If you say youre depressed, people are quick to dispense wise on how to deal with it. Martha Mills decided to take them literally, and try them out for herself
So, it turns out Im getting better at depression. That isnt to mention Ive stopped suffering it, or that it is any less debilitating when it sneaks up after a two-year hiatus and pile-drives me into a blister agony of mental carpet ignites topped with a patronising tousle of the bed-hair, like a nostalgic school bully. No, whats better about me is spotting it and moving quicker through the self-blame technique of diagnosis.
We all have down days, and thats what you hope these are. Merely they stopped being a day or two of feeling blue that can be whiled away with the distraction of a conspiratorial sofa and questionable DVD collection, and have merged into weeks since you were last able to feel anything but disappointment on waking up, and the choice between showering or only reeking like a tramps undercarriage has run beyond conflict into pure resignation.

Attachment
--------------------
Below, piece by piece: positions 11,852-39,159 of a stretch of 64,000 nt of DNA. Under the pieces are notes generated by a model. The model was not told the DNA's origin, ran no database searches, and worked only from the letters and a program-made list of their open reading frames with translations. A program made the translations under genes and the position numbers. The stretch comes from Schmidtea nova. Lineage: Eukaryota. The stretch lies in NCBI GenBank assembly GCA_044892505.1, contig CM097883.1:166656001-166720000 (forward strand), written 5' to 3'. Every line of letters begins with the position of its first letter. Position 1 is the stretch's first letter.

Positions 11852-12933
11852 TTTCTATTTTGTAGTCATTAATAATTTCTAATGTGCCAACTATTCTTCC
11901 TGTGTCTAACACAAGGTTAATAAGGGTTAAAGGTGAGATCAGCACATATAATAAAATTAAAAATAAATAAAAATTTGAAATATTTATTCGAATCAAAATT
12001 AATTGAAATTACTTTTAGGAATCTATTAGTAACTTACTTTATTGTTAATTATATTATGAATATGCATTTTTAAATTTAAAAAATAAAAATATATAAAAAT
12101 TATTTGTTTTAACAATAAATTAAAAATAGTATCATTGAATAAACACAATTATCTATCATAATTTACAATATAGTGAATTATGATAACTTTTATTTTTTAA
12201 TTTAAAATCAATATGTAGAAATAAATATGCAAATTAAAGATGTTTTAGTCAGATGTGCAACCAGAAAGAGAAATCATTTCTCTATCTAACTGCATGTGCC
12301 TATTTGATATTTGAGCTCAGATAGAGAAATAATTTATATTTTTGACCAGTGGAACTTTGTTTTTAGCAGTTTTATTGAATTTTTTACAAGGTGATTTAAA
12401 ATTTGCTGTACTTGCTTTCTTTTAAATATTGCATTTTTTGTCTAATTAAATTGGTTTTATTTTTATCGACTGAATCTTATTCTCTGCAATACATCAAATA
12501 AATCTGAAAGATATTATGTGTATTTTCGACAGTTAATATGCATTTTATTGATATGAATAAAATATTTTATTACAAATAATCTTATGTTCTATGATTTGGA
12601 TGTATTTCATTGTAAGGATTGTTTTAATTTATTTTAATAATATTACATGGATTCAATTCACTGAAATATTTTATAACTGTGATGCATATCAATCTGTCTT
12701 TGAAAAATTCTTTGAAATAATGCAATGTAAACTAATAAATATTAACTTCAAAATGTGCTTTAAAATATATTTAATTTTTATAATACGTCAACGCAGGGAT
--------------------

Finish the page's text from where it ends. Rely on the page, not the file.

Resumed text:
Being specially practised at denial, I decided that I, a mere mortal with a solid history of depressive episodes since childhood, could fake my way out of this oncoming tsunami of debilitating black cloud utilizing the advice that people who have never experienced depression trot out an experiment that could surely only succeed[ sidelong glance to camera ]. I would improve my diet and exercising, force myself to take up hobbies, I would soldier on until it passed and thrust myself( reluctantly) into social situations. I even tried appearing on the bright side but it turned out to just be glare on my TV.
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